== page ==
Tourist First

Above, the daily flight from Managua at the San Carlos, Nicaragua, airstrip.

Welcome to Steve Bailey's Tourist First. You can use the search function in the upper left corner of this screen to look for particular destinations. You can also simply scroll through the more than 100 postings. Or you can click on one of the terms below to find postings on a variety of topics and destinations.

Monday, May 22, 2017

Peru: Making an Amazon Cruise Safer


La Estrella Amazonica, shown here in 2014,  now goes by the English name Amazon Star
after an April 10, 2016, fire took the lives of two passengers, a retired couple from Nebraska.
The boat, based in Iquitos, Peru,  cruises the Amazon and its tributaries.





















   
       I was late learning that there had been a fatal fire in 2016 aboard the boat I had cruised on and blogged about in 2014.  The Wall Street Journal was reporting about the case and contacted me in March 2017 about using a photo of the boat that appeared on my blog. (In the blog post, I enthusiastically recommended both the boat and its operator, International Expeditions, which Jane and I have used for two trips in South America.)
       Since then, I've read more about the incident, which was truly horrible: the deaths themselves, a lack of safety equipment and training on the boat, the theft of wedding rings from the bodies, and what seems to be the tone-deaf response of International Expeditions.  It seems that a working smoke detector in the cabin could have awakened the couple and alerted the crew. Like most fatal fires, it didn't have to happen, and the fact that boats and ships are not held to same standards as other common carriers made things even worse for the victims' family.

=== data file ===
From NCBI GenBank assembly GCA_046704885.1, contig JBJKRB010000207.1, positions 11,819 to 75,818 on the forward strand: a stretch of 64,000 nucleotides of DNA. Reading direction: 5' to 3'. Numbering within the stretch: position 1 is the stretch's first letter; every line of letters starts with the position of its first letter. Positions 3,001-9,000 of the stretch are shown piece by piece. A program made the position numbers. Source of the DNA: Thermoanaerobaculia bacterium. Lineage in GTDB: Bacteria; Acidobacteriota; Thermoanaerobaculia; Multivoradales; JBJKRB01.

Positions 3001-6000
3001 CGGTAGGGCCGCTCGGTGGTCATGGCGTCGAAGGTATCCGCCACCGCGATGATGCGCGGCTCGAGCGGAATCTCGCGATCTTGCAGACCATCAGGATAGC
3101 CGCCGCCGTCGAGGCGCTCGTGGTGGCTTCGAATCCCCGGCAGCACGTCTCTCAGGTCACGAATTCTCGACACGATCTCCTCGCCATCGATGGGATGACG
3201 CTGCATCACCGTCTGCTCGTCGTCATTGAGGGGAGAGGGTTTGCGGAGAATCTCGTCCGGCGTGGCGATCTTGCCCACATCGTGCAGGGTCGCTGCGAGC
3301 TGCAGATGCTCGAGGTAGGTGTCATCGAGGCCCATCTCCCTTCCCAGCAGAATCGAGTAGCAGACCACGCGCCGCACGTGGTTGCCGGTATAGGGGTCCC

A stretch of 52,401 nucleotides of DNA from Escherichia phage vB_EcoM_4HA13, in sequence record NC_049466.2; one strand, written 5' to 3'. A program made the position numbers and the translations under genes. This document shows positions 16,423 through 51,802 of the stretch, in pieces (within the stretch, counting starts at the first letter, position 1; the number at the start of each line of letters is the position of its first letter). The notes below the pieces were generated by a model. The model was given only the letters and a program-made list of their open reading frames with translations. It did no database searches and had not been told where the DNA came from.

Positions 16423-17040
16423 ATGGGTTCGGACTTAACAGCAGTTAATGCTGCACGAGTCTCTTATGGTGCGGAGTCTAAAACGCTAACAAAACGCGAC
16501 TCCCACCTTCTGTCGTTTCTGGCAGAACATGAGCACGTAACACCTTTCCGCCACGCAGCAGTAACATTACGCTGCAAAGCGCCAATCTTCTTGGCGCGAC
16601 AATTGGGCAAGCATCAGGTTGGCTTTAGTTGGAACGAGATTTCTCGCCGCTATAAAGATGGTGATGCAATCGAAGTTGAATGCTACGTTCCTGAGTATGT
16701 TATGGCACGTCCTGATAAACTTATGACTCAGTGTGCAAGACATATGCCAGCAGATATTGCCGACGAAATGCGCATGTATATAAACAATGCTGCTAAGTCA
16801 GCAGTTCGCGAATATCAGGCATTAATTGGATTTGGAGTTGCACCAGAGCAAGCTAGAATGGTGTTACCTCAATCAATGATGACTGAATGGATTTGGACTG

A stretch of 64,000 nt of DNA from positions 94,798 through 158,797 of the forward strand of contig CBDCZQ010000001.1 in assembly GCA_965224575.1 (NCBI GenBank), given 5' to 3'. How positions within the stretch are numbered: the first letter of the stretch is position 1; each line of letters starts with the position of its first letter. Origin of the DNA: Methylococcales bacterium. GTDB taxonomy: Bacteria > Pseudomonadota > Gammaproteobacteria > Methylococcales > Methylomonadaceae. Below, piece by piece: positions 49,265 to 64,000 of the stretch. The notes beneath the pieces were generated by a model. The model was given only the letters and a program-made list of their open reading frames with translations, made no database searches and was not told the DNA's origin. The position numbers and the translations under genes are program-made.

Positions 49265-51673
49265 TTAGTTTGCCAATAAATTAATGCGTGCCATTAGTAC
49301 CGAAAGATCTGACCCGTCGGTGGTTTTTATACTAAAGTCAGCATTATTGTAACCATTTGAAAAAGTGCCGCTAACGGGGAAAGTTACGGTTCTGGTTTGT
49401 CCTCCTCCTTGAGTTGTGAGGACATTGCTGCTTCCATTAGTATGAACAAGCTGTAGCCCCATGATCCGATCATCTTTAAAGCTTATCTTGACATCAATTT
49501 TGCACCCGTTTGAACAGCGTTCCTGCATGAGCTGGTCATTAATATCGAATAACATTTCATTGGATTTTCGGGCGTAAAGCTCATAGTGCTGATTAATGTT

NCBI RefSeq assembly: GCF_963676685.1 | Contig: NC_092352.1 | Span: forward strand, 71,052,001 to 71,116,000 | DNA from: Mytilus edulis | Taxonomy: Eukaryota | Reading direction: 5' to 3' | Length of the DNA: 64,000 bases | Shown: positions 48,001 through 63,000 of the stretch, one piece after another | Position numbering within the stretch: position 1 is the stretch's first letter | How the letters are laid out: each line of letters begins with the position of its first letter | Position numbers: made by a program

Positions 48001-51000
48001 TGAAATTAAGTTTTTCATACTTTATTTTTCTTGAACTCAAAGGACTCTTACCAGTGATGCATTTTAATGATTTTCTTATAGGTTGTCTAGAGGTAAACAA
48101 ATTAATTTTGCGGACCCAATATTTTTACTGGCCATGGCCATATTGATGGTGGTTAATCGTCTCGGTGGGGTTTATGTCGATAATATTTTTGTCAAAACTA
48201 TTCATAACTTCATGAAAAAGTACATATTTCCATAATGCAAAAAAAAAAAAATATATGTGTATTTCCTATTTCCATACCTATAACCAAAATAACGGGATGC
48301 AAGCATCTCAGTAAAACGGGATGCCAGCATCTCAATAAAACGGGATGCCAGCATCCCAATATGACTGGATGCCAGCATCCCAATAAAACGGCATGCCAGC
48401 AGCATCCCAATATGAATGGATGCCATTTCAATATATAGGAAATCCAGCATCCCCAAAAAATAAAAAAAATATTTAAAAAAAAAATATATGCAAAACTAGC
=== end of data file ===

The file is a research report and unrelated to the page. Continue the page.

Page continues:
The prow of La Estrella Amazonica. We were on the boat for a week and
found it very comfortable, the food good and the staff professional
and friendly. It was shocking to learn about the fire.
 
      I contacted International Expeditions to ask what safety changes have been made since the fire. I've read that the company has "enhanced" safety equipment and improved training. I don't think it's a good sign that the company didn't respond to my query.
      In public relations, which I used to teach at Salisbury University in Maryland, it's recommended that a company take several steps to recover from this sort of disaster. It's called crisis management or damage control. The way Tylenol recovered from several poisoning deaths in 1982 is considered the textbook response: be totally forthcoming about what happened; act immediately to ensure no one will be harmed in the immediate future; compensate victims or their families; make known what long-term actions you're taking to make it almost impossible for something like this to happen again. Has IE taken these steps?
      One cosmetic change I could see on the IE website. The boat, formerly La Estrella Amazonica, is now simply the Amazon Star.  Changing the name of a boat is thought by some people to invite bad luck. In this case, the bad luck already happened, and the name is merely in a different language, but it might make it less likely that curious prospective clients will learn of the boat's past.

        My 2014 posting about cruising aboard La Estrella Amzonica can be seen HERE.
        The Wall Street Journal's April 6, 2017, about a fatal fire aboard La Estrella Amazonica and the victims' daughters' search for answers can be seen HERE.
        People magazine also reported on the fire and the victims' family; click HERE.

      I've never thought much about personal safety when travelling other than avoiding getting mugged, often not drinking the water, and sometimes taking out travel insurance that includes medical evacuation. What happened to Christy and Larry Hammer aboard La Estrella Amazonica should be a lesson in watching out for oneself. I didn't check that there were smoke detectors when I was on that boat two years earlier. I didn't look for fire extinguishers or ask why we didn't have a fire drill.